Ever wondered why you seem to gain weight during times of stress? It’s not just because you stress it. You might not be getting enough sleep. Discover more about the sleep deprivation-weight gain connection.
This month we’re talking about sleep and why it’s an important self-care tool we can all tap into for free. It costs nothing, yet has amazing benefits for our mental, academic, physical, and spiritual self-care.
That Time I Gained 60 Pounds in Nine Months and Wasn’t Pregnant
“I need to run into to Old Navy this afternoon,” I told Pedro. “Do you need anything from town?”
“Naw. I have the hospital wardrobe,” he joked, tugging on the baggy hospital gown that covered his emaciated body. “And sometimes it comes with pants.”
“Lucky you I tracked some down this morning,” I said with a laugh. “It seems like the weekend laundry service always fails to stock something.”
“Have fun,” he said. His eyes closed and he started to doze off.
Fun. Buying more clothes in bigger sizes didn’t qualify as fun in my book. I’d quit looking for pants in the woman’s section. Men’s pants fit much better these days. While Pedro lost weight on a daily basis, I seemed to gain every pound he lost.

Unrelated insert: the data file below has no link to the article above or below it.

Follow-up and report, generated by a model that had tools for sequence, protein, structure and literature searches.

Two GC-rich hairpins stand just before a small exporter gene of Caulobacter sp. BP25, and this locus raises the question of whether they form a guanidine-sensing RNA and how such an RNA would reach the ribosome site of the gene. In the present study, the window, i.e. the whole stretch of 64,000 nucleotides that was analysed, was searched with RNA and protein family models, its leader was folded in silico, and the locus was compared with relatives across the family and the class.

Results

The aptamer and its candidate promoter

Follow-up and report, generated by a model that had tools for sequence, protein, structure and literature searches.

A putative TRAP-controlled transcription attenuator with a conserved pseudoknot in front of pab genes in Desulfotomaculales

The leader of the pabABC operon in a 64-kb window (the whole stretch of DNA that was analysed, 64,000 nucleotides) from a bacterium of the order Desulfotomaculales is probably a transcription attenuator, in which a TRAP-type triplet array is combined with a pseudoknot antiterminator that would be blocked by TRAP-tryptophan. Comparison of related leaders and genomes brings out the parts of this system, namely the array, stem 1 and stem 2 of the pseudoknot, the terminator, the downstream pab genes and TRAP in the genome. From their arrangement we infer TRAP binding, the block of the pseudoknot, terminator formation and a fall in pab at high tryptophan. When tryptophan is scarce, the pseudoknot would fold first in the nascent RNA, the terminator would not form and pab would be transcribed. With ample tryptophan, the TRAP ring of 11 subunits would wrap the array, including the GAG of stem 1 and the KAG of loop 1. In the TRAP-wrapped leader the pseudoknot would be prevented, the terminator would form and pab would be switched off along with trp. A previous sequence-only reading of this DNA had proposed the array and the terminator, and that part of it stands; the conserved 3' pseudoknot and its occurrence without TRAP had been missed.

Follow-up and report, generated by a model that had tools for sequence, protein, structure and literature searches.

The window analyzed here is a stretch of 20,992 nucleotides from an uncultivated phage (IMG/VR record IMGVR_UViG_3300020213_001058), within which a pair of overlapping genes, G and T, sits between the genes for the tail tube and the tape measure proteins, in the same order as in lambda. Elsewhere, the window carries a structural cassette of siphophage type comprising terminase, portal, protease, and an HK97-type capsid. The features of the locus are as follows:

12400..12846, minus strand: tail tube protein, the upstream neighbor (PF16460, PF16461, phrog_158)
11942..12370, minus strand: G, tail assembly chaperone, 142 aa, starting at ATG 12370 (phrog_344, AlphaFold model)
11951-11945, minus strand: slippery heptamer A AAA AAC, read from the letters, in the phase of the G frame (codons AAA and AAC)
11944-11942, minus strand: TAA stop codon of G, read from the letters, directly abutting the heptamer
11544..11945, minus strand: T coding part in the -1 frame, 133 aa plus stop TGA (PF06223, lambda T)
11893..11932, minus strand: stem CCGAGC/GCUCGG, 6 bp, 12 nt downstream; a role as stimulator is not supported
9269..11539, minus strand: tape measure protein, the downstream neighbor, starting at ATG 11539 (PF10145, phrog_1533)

I didn’t like it. I tried to eat as healthfully as possible, given the circumstances. But I couldn’t avoid living out of a suitcase, sleeping on a fold-out hospital bed, and having to eat out for every meal. Not if I wanted to stay close to Pedro while he received treatment for cancer a thousand miles from home.
I didn’t think I ate enough to justify a 60-pound weight gain. But I couldn’t avoid the facts. Something had gone terribly wrong with my physical self-care routine.
Almost two decades later, I know food wasn’t the only cause of my weight gain. It turns out stress and sleep play important roles in helping our bodies regulate their weight, too.
Hospitals are NOT the Place to Get a Good Night’s Sleep
Whenever Pedro had a private room in the UCSF Parnassus oncology unit, I could spend the night in his room. The narrow Naugahyde chair folded out into an uncomfortable cot where I spent my nights for weeks at a time.
Nurses came in to take Pedro’s vitals every four hours throughout the night, and I slept lightly in case Pedro needed something. His IV drips and monitors formed a cacophony of lights and sounds, making it difficult to fall asleep.
Patients have a difficult time sleeping, too. Trust me, I spent five days in a hospital a few years ago and the experience wore me out.
Those times Pedro got released from the hospital for a week or two I would return home. He would stay with his brother, who lives a few hours away from San Francisco. My sleep habits at home didn’t fare much better than my sleep habits in the hospital. My parents had moved in to take care of our girls whenever I needed to be with Pedro. I slept on the floor in our office.